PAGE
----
These are my musings and observations on my daily life, loves and the laughter that are all a part of my experience of living now in the shires of England.

Tuesday, 20 November 2012

Storage (Chapter 6) - Fiction by Marjorie H Morgan

Chapter 1

Chapter 2

Chapter 3

Chapter 4   

Chapter 5   (To read all six chapters in an e-book format please clink on this link ... Storage [so far])

Chapter 6

Rosie sat down heavily. It was as if the bench morphed around her and became part of her. She sank back and sighed. It was the same every time. Whenever she needed to get away from ... anything, she came here. To see Ryan. But Ryan never saw her. She felt as lonely as before she met him, but at the same time she felt like she was more at home than anywhere she had every been since she left Crown Wood. That’s where her other family lived, the one that didn’t want her any more. She knew more about them than they knew about her. That’s the way it had always been she felt.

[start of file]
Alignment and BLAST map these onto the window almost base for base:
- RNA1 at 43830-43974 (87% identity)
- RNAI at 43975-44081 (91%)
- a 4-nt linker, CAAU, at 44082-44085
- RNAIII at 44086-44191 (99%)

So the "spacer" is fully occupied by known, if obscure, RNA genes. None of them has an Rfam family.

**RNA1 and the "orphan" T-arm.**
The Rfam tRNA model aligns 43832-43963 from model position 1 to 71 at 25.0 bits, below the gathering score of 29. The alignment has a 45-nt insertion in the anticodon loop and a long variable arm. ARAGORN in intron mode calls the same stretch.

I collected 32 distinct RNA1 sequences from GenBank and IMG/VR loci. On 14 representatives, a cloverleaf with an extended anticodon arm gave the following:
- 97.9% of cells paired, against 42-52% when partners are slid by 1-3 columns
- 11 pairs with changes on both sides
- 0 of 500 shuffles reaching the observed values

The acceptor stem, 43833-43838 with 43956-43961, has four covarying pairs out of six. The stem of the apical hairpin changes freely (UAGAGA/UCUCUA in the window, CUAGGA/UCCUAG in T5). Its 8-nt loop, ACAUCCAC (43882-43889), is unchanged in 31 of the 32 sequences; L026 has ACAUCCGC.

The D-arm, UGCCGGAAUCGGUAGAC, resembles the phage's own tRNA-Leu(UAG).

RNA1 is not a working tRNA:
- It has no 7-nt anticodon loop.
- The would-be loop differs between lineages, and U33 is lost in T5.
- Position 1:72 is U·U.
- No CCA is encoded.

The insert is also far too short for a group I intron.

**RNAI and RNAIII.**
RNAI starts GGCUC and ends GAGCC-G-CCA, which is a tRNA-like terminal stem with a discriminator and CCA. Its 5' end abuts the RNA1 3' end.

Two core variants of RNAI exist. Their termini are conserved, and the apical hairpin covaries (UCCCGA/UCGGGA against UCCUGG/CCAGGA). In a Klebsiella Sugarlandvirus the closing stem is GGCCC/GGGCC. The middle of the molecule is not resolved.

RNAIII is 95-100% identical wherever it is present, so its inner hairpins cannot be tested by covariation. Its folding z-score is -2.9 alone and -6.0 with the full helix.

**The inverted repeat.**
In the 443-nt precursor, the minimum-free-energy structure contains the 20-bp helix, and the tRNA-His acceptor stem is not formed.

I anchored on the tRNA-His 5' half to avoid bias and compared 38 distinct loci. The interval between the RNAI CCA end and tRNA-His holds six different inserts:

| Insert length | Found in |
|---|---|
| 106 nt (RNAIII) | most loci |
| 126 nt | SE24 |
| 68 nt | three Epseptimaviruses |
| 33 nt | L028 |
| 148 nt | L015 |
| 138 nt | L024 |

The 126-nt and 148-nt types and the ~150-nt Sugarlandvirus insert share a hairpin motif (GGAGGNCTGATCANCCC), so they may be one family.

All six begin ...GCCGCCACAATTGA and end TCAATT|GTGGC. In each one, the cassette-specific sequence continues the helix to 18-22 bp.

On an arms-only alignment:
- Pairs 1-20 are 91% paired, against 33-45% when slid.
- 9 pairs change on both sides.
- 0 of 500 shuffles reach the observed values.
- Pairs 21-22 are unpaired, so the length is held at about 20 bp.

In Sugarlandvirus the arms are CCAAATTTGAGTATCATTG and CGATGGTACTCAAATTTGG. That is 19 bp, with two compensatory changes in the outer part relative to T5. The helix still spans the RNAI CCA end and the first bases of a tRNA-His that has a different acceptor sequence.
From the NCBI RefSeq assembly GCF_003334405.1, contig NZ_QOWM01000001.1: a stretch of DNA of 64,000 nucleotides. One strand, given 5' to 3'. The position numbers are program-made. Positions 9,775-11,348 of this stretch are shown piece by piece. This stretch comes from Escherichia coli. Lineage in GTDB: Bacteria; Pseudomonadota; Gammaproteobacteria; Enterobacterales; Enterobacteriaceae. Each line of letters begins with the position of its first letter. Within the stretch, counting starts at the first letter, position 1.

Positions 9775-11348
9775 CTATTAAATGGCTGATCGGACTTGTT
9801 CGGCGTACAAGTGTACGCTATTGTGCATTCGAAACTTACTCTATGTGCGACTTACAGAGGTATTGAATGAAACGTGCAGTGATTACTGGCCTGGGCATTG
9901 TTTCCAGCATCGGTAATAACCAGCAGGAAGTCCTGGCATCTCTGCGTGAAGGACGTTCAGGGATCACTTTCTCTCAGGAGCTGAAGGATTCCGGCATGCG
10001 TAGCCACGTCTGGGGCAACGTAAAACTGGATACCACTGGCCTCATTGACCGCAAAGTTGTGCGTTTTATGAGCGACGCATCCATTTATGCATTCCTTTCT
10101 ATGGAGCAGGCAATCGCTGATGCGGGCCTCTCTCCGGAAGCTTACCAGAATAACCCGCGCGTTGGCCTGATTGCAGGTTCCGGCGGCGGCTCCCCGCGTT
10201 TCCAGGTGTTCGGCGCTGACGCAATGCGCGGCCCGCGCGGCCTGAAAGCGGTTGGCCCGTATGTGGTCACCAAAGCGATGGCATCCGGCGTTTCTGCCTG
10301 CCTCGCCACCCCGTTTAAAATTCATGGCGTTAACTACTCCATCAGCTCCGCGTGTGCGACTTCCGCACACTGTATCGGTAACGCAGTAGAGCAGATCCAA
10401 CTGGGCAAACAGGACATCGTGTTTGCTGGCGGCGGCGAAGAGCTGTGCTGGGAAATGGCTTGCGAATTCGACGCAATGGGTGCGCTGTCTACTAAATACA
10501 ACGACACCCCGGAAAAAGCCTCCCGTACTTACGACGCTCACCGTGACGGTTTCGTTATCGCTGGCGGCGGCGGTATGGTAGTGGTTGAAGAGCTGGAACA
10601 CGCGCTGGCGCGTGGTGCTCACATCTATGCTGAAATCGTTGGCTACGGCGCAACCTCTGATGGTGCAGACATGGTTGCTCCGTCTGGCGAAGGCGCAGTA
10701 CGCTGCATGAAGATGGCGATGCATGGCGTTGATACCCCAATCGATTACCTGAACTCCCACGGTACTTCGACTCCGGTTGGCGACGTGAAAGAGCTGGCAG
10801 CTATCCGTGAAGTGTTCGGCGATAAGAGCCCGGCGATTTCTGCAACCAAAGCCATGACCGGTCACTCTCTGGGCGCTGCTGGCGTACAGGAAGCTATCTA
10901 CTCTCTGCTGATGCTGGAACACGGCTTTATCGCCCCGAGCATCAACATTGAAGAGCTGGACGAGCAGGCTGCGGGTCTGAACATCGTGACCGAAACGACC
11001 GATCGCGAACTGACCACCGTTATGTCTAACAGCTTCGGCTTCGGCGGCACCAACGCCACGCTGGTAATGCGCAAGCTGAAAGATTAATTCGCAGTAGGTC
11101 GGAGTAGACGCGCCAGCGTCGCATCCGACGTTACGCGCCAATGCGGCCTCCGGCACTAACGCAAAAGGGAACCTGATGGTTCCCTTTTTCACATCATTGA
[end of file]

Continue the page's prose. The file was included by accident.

Another sigh escaped from her soul and this time she felt tears running down her face. She hated to cry. The tiredness that accompanied her on the way to the bench prevented her from even raising her hand to wipe the tears away. So they ran, unhindered, down onto her pink uniform. It was a colour she hated because it reminded her of her bedroom, but she didn’t have a choice. It was a uniform, after all.